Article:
Pigeon Toes (Intoeing) is a physical ailment which involves turning of the feet inwards. It may affect either one or both the feet. The condition may develop in the early phase of childhood or may become apparent in later stages when the child starts walking. In most cases, Intoeing can heal itself naturally over time as the child grows. However, in severe cases, treatment from an orthopedic doctor is required. In most cases, the patient responds to conservative methods of treatment. For the others, surgery is required.
- Gestational problems – The child may not get adequate space in the uterus which causes the legs to turn inwards
- Internal Tibial Torsion – The shinbone is turned inwards. This is generally the cause if Intoeing occurs in the first 2 years of life
- Medial Femoral Torsion or Anteversion – The thigh bone tends to turn inwards causing foot deformity which becomes apparent at the age of 4-5 years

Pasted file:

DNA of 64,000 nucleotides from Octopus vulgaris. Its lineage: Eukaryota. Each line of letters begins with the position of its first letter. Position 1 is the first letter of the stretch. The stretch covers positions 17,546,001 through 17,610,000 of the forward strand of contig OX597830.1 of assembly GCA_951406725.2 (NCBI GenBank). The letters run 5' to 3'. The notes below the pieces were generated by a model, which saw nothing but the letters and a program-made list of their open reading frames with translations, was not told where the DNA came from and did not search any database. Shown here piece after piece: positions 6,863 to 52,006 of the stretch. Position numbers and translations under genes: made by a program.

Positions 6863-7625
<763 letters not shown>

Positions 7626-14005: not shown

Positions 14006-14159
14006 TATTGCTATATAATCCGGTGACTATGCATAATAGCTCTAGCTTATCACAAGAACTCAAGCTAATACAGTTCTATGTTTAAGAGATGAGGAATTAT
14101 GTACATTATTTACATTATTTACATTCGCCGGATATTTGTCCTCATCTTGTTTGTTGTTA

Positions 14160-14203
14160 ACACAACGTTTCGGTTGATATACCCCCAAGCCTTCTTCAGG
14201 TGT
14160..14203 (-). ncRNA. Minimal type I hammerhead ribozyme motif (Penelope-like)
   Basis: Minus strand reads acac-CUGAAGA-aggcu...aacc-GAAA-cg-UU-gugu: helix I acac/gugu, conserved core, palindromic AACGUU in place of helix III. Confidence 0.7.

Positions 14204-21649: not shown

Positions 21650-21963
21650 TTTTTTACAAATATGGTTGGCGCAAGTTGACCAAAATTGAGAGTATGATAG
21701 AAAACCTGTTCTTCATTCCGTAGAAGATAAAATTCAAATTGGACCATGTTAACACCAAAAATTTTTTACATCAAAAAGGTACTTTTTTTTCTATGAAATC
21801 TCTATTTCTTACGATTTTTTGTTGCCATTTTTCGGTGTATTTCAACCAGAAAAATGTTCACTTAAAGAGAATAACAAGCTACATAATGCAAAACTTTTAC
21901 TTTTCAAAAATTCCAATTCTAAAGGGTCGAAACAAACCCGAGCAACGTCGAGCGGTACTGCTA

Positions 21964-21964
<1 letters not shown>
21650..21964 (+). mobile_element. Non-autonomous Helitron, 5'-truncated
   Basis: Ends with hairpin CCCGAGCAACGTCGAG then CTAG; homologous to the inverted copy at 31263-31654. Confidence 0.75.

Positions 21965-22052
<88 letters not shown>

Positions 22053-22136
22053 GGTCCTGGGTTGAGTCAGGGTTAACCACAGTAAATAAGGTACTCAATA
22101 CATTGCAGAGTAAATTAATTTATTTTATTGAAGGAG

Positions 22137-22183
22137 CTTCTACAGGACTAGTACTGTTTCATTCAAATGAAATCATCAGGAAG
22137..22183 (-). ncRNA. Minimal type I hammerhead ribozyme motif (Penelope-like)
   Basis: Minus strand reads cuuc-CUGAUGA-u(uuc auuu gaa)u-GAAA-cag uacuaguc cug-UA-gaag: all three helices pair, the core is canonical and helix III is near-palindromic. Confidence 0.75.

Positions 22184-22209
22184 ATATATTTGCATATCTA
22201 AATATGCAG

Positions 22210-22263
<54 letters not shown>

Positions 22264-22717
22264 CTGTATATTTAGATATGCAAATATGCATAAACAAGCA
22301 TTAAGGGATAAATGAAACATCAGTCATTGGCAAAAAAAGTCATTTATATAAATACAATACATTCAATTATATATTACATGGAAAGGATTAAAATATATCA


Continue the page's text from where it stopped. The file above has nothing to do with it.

- Other disorders: Neuromuscular disorders such as Cerebral Palsy may also be a cause of the condition
- Genetic factors: Intoeing can also be caused due to genetic factors
- Visible deformity
- Abnormal gait
- Difficulty in walking and running due to lack of balance
- The child is easily fatigued and may stumble very often
- Difficulty in wearing normal shoes
- Pain may be felt during activity
- A detailed examination of the symptoms, family history and the foot may be conducted
- X-ray imaging may be required to check the position of the bones and soft tissues
- The range of motion may be assessed through physical tests
- Treatment Bracing – The child may be asked to wear a night brace or a removable brace throughout the day to correct the position of the foot. It comprises of a special shoe made with connecting bars that is fixed on the leg. Bracing may be done even after birth if the baby is found to be deformed
- Orthotic devices – Special shoe inserts may be used to support the affected foot
- Plaster: Leg and the foot may be fixed in plaster for a specific period of time.
- Surgery: The orthopedic doctors may recommend surgery if the condition exists beyond 9-10 years of age. The procedure involves resetting of the tibia or the femur as well as the foot bones to improve the shape and create a proper gait.
Visit OrthoTexas for comprehensive diagnosis and treatment of Pigeon Toes. To schedule an appointment, call 972-492-1334.